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8/30/2007
06:15 PM
Art Wittmann
Art Wittmann
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The Cold, Green Facts

Buying energy-efficient technology isn't the only--or even the best--way to cut down on energy consumption in the data center. Rethinking the way you use the technology you already have can make a bigger impact.

CHANGING BEST PRACTICES

The good news is that for most organizations, the pressure to remodel or build new data centers can be alleviated through improved server and storage hygiene. But even as you get more out of existing data centers, new challenges threaten long-held best practices. As certain racks become more densely populated with 1U servers and blade systems, using perforated floor tiles on a raised floor no longer supplies enough cold air for the systems in the rack. For facilities built in the last decade, typical raised-floor cooling systems can exhaust 7 kilowatts per rack. Even today, most data centers won't use that much power per rack, but in certain instances, they can use far more. For example, a fully loaded rack of blade servers can draw 30 kilowatts or more--only specialized, localized cooling systems can handle that sort of per-rack load.

In the past, the advice was to spread out the load. Put blade servers and other high-powered gear in with lower-consumption storage and networking systems, or simply leave the racks partially empty. While it's still good advice for those who can pull it off, increasingly the geometry of the data center doesn't allow it. Spreading out the load can push the average power draw per rack beyond what most data centers can deliver. The answer then is to pull those high-demand systems back together and use rack-based or row-based cooling systems to augment the room-based air conditioning.

Rack-based cooling systems are available from a number of vendors. Two with very different approaches are IBM and HP. IBM's eServer Rear Door Heat eXchanger replaces the back door of a standard IBM rack. The door uses a building's chilled water supply to remove up to 55% of the heat generated by the racked systems.

The benefit to this approach is its simplicity and price, which is as low as $4,300. The system, introduced two years ago, removes heat before it enters the data center. By lowering the thermal footprint of the racked equipment, the IBM system can move the high-water mark from 7 kilowatts per rack to about 15 kilowatts, a nice gain for the price. The only downside is that the IBM solution requires water pressure of 60 PSI. Not all building systems can supply that much pressure, particularly if there will be a lot of these racks deployed.

HP's solution is more comprehensive, takes more floor space, and costs considerably more. Introduced last year, its Modular Cooling System also uses the existing chilled water supply but adds self-enclosed fans and pumps. The result is a self-contained unit that can remove 30 kilowatts of heat with no impact on the room-based cooling system. Taking your hottest-running, most-power-hungry systems and segregating them into a rack that removes 100% of their generated heat goes a long way toward extending the life of a data center. The racks cost $30,000 a piece, but if it means not building new data centers, they're worth it.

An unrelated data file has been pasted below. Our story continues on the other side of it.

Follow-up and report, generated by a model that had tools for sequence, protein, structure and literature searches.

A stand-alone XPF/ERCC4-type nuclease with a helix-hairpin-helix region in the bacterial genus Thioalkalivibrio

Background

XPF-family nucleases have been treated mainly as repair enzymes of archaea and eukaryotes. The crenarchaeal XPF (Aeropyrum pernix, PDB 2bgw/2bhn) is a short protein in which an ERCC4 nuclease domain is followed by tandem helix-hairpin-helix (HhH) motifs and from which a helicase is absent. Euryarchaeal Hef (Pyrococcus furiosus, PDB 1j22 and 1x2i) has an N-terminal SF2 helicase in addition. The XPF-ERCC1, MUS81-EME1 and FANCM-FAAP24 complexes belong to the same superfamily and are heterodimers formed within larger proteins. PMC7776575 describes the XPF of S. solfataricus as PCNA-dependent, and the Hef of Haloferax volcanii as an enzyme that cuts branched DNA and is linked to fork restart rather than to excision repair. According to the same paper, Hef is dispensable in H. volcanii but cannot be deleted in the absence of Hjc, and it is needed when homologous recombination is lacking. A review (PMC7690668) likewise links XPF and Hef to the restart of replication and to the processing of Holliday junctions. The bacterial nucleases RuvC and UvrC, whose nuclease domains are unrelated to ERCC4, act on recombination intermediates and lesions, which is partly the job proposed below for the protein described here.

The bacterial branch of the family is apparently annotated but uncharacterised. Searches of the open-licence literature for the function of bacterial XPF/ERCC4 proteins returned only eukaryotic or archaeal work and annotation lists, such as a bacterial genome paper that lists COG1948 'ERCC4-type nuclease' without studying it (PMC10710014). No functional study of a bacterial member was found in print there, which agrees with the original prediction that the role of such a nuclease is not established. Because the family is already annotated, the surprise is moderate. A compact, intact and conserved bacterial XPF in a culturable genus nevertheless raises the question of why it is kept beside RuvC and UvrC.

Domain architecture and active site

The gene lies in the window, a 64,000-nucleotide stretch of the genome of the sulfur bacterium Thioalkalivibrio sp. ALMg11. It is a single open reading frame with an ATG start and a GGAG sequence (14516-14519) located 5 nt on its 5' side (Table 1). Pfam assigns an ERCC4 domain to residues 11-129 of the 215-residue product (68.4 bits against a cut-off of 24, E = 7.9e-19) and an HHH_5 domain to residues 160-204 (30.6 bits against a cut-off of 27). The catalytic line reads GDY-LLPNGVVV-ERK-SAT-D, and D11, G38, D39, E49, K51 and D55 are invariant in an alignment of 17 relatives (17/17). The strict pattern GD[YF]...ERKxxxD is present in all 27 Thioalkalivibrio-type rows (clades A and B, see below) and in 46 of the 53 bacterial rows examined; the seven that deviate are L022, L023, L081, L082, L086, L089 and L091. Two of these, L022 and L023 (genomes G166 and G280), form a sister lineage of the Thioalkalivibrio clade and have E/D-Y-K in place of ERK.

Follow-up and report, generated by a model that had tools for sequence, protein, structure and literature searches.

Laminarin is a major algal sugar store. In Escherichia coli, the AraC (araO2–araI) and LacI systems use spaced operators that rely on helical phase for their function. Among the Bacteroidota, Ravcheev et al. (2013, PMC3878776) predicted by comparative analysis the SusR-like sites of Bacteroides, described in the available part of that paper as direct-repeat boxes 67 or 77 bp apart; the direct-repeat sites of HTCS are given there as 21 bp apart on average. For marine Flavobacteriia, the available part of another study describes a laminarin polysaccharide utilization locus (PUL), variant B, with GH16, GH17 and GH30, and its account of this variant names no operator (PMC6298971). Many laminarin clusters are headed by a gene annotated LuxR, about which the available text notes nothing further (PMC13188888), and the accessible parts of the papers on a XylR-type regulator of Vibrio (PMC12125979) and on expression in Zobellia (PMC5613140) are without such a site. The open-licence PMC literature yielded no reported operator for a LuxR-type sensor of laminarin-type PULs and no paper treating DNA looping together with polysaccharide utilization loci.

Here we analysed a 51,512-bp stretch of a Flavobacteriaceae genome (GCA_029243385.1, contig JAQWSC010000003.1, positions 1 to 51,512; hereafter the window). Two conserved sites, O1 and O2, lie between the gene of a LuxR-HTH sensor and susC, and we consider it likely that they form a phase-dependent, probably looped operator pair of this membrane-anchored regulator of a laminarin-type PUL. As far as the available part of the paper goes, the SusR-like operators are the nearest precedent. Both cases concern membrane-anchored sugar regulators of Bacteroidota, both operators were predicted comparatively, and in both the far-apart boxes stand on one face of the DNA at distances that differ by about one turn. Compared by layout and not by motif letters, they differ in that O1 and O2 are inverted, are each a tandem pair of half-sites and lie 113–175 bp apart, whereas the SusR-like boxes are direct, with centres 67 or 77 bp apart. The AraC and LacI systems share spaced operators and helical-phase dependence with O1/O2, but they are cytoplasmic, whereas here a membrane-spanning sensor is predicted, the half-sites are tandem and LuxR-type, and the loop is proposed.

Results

If you already own the racks and simply want a method for extracting large amounts of heat, Liebert makes systems that mount on or above racks. The company says that its XD systems remove up to 30 kilowatts per rack.

Finally, row-based systems such as Advanced Power Conversion's Infrastruxure and Liebert's XDH use half-rack-width heat exchangers between racks of equipment. The heat exchangers pull exhaust from the back, or hot-aisle side, of the racks and blow conditioned air out the front. Because these systems substantially limit the ability for hot exhaust air to mix with cooled air--with APC's product, you can put a roof and doors on the hot aisle for full containment--they can be much more efficient than typical computer room air conditioning, or CRAC, units. Where CRAC units can draw as much as 60% of the power required by the systems they're meant to cool, APC says its system can draw as little as 40%.

Any of these systems will go a long way toward extending the life of a data center. However, if the limiting factor is the capacity of the cooling towers on the building's roof--that is, the ability of the building's existing systems to produce chilled water--then deploying these rack and row solutions is practical only if you shut off some of your existing CRAC units. The good news is that, quite often, you can do just that.

Overcapacity in CRAC units is easy to determine. If you need to put on a sweater, or perhaps a parka, to go into your data center, you have more room-based cooling than you need. With proper planning, the ambient temperature of the data center can be as high as 78 degrees, says HP's Paul Perez, VP for scalable data center infrastructure. Most data centers run at ambient temperatures well below 70 degrees. Perez says that for each degree of increased ambient temperature, figure at least a few percentage points in reduced energy consumption for cooling systems.

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